Coming off of their pop culture-filled run of Young Avengers—a comic almost annoyingly hyperaware of its societal relevancy and rather fond of fourth-wall smashing—Kieron Gillen and Jamie McKelvie have begun a series that’s just as flashy but hopefully less stuck playing its youth card all the time. After months of hype and one positive preview after another, I have been looking forward to getting my hands on Gillen, McKelvie, Matthew Wilson, and Clayton Cowles’ The Wicked + The Divine to try a taste for myself. This first issue both met my expectations and flouted them.
Gillen and McKelvie first truly revealed their dynamic duo powers to the world with their semi-nostalgic urban fantasy series, Phonogram, in which music is actually magic. Gillen’s writing is always based on very human feelings and often self-reflective: he has no qualms about using his stories to explore questions in his own life or those of others close to him. Phonogram was both a self-reflective and niche story, with allusions to musical eras and bands flying fast in its cynical monologue, and yet its emotional honesty gave even the most musically-ignorant reader something to latch onto. It was also just a fantastic concept, and fortunately one that McKelvie had the skills to represent visually.
The Wicked + The Divine has left the detailed name-dropping and outright cynicism behind, but it expands on the theme of musicians as the living icons of an era by conflating deities with pop stars. The conceit is that every ninety years, twelve gods reincarnate by taking the form of beautiful young people. They have crazy powers, loads of charisma, and all the trappings that come with being worshiped. However, they only have two years to burn as brightly as they can and then they’re gone, dead, maybe forgotten. The goddesses and gods (though only goddesses have been introduced so far) range from Lucifer to Amaterasu, incorporating archetypes and mythological tidbits from many cultures. It’s a daring sort of story in that it banks on pulling myth into our celebrity-obsessed society without the figures totally losing their value. The touchstones of the pop star life make the idea of goddesses on Earth more understandable perhaps, but one wonders if it runs the risk of cheapening the concept as well.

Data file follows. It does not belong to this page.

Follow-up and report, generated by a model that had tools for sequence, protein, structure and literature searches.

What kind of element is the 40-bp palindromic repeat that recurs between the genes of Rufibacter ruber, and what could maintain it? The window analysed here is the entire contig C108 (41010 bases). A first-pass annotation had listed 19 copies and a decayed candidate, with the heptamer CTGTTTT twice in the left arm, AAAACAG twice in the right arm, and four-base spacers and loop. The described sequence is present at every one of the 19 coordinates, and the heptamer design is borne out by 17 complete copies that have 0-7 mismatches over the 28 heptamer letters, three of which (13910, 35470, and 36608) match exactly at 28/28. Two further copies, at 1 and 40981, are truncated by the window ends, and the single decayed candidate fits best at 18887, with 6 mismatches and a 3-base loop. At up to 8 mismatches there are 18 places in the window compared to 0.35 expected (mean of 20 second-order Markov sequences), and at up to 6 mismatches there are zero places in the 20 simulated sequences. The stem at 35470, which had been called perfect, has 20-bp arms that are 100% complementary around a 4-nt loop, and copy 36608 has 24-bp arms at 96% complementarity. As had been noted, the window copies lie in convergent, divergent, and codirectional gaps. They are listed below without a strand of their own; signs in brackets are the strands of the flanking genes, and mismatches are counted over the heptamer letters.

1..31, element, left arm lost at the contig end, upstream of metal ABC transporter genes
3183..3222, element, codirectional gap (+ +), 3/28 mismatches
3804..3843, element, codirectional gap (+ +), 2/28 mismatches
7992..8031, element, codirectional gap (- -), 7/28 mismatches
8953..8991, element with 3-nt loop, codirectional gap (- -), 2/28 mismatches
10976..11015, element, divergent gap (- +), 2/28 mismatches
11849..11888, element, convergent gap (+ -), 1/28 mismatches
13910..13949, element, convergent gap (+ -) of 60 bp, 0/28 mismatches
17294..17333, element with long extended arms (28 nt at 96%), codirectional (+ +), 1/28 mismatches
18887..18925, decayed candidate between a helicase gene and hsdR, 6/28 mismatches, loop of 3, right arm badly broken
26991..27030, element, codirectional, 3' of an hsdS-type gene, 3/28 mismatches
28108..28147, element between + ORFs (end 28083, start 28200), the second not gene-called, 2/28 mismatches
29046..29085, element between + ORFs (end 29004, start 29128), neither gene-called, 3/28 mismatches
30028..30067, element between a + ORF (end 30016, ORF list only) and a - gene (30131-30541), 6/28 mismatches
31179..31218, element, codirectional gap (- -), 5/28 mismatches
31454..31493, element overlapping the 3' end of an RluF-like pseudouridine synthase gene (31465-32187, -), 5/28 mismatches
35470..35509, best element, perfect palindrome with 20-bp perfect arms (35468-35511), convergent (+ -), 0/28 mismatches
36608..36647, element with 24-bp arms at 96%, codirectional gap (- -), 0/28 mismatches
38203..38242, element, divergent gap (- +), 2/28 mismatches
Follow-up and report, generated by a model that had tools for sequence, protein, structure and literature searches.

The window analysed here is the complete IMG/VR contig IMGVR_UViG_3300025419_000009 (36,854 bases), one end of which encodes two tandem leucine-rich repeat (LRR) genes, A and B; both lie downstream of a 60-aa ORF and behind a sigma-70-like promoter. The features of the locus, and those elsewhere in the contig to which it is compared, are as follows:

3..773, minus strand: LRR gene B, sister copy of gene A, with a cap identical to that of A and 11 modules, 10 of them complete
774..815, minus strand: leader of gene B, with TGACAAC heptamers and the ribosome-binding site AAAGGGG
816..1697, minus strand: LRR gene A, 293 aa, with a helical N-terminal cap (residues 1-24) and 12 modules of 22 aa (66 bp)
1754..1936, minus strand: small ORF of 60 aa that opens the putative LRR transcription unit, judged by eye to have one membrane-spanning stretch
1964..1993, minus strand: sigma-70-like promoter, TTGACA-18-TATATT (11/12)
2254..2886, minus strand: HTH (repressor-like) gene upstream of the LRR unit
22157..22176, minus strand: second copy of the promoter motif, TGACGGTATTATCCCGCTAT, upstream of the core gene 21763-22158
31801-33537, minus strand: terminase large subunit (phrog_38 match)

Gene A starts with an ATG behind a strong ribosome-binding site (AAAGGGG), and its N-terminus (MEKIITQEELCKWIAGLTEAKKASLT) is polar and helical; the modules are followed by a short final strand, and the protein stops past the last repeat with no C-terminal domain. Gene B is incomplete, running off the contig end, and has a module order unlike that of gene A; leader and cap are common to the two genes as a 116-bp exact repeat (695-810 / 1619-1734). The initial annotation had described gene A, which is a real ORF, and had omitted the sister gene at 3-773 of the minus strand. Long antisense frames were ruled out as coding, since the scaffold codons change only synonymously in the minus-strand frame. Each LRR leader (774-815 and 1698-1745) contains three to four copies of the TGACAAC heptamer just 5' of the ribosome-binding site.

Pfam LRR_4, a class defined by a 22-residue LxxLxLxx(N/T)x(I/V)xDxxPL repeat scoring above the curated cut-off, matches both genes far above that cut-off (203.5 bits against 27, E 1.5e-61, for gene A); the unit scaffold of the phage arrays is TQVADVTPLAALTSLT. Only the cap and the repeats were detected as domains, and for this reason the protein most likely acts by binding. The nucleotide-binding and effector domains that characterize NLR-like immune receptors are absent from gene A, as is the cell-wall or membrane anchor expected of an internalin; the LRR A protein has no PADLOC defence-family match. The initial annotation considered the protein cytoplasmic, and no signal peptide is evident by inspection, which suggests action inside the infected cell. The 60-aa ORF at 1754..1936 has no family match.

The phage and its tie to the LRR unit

And yet… Look, this is Gillen and McKelvie and they should know what they’re doing. And it seems like what they’re trying to do is capture an emotion as much as tell a cool story. By giving the narrating role to a regular human, Laura, they seem set on exploring what it’s like to both want and maybe experience a moment in which we feel like we are close to being someone more than human. They’re trying to tap into that rush we get when maybe, just for a little while, we’re the most respected in the room, the most stunning at the party, the best on the sports field, the wittiest at the table. It’s that moment when all eyes are on us and we feel as if we can do no wrong, that moment when we’re beautifully invincible.
Trying to capture something as ungraspable and euphoric as that in a 2D medium seems like an impossible goal, but it explains why so much of Wicked + Divine is centered on its look, its brand, its hype. In this case, the style may be a very key element of the substance. Just as a pop star’s personal style is intrinsically part of who he or she is perceived to be, the style of Wicked + Divine must act as another layer of characterization for, if you will, the story’s own persona.
It’s still only one element though. It’s clear that this series is meant to be one heck of a party but as Gillen says in his afterword to Issue #1, it’s “the ultimate party at the end of the world.” It’s this “end of the world” bit that keeps the series anchored. I didn’t expect (at least not this quickly) that these goddesses would reveal curious vulnerabilities. Even more than the death sentence hanging over their heads, I found their current troubles engrossing.
Issue #1’s cliffhanger ending highlights the fact (even more than the doubting reporter character) that these goddesses do not have everything under control. Their reliance on the structure of the world, even as they begin to push its boundaries, is probably what makes them the most intriguing. They’re right on the cusp of a great many things—adulthood, stardom, godhood—and it looks like everyone experiences growing pains. That previously mentioned feeling of supernatural invincibility is nearly always linked to youth. Supernatural powers or not, the youth of these goddesses comes with its own larger-than-life brand of folly. Even with only two years to reign (or rage, or whatever), these twelve deities may have some serious conflict to deal with among themselves as well as with the rest of the world. If it isn’t easy being a queen or king, it must be far more difficult being a pop star deity.
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